But it demands that God’s child make the difficult-yet-deliberate choice to step back from human emotions, grit her teeth, hit her knees and ask Christ to lead the way. It’s a challenge that grows easier for the Christ-follower who has fallen in love with Jesus as opposed to simply loving Jesus out of some obligation. That’s a whole different blog post, though.

By His grace and to His glory, He enabled me to hedge my feelings about the flowers and the frustration and ask for grace to process them all in His way for His purpose. Within the hour, He brought the Aaronic Blessing to mind (Numbers 6:24-26). Also called the Aaronic Benediction, it contains the words used by Aaron and other priests as a sending-forth of Old Testament Israelites from worship services in the tabernacle and is still used to dismiss many of our church services today. Yesterday, however, it was the ancient Hebrew rendering of the passage – in other words, what it meant to its original audience instead of America’s perception of it today – that God had me to apply in response to the situation at hand.

The English rendering of the blessing reads thus:

The Lord bless thee, and keep thee: the Lord make His face shine upon thee, and be gracious unto thee: the Lord lift up His countenance upon thee, and give thee peace.

It’s actually a beautiful blessing but it’s also a blessing easily memorized and often recited without much thought. With that in mind, let’s look at some of the English words to get a grasp of their specific Hebrew meanings and images they involve: bless, keep, gracious, grant and peace. Note that I have italicized the transliterations following their Hebrew forms below.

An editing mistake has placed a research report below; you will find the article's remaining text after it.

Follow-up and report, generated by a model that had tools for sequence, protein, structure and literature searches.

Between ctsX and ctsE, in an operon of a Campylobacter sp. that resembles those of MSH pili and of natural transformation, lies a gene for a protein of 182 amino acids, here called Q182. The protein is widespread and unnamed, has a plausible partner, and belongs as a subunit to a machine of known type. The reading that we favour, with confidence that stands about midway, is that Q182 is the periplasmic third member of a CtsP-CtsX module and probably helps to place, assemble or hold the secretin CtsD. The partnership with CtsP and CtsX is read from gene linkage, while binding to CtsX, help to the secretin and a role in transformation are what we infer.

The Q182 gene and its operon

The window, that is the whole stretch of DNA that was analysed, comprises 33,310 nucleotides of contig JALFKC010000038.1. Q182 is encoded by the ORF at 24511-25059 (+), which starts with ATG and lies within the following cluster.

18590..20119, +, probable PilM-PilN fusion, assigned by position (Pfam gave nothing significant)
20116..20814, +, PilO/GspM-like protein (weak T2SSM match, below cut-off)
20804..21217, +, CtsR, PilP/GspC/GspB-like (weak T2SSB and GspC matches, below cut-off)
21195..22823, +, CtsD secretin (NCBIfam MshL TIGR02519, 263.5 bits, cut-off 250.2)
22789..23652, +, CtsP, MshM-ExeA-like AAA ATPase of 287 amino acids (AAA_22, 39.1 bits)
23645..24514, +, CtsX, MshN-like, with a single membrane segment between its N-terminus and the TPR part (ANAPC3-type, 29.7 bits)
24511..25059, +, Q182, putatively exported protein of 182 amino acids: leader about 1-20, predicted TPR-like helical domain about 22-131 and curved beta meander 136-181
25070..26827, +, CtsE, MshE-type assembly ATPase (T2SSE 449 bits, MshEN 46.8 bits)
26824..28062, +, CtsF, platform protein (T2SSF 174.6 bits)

– Bless
In the passage, the Hebrew verb ברך (barak) is written in its piel conjugation and means to show respect, to bless, at times to kneel. These definitions, though, carry a bit of an abstract flavor; by looking at other words related to the verb, we can find a more concrete interpretation for a more focused phrase. Such words include the nouns ברך (berek) meaning knee and ברכה (berakah) meaning a gift, a present. From this we can see that to bless in this case insinuates the bringing of a gift to another while kneeling out of respect. The extended meaning of this word is to do or to give something of value to another. So we’re actually asking God to bless a person by gifting him or her with something of value.

– Keep
A nomadic people raising livestock, it was not uncommon for Hebrew shepherds to spend nights in a field with their flocks, away from other Israelites. In order to protect his flock, the shepherd would construct a makeshift fence of thorn bushes or brambles, thereby guarding his flock and creating a literal hedge of protection around them. The Hebrew rendering of thorn is שמיר (shamiyr), which is derived from the verb שמר (shamar), literally meaning to guard, to keep, to protect. Here, then, we’re asking God to place a stalwart hedge of protection around the person of our focus.

– Gracious
While most theologians tend to define grace as unmerited favor, the idea of grace takes on a slightly less abstract meaning in the Aaronic Blessing. The Hebrew verb translated as gracious in the passage is the verb חנן (hhanan) and is often grouped with Hebrew words meaning to heal, to help, to be lifted up, to find refuge, strength and rescue. From a more concrete Hebraic perspective this verb means to provide protection beyond the aforementioned hedge. To obtain protection, a member of a flock typically looks to its shepherd. We are asking Christ – the Good Shepherd – to provide a haven of comfort and safety for the subject of our prayer.

– Grant
The Hebrew verb שים (siym), means literally to set something or someone down in a fixed and arranged place. Read on to learn the significance of this word within its phrase.

– Peace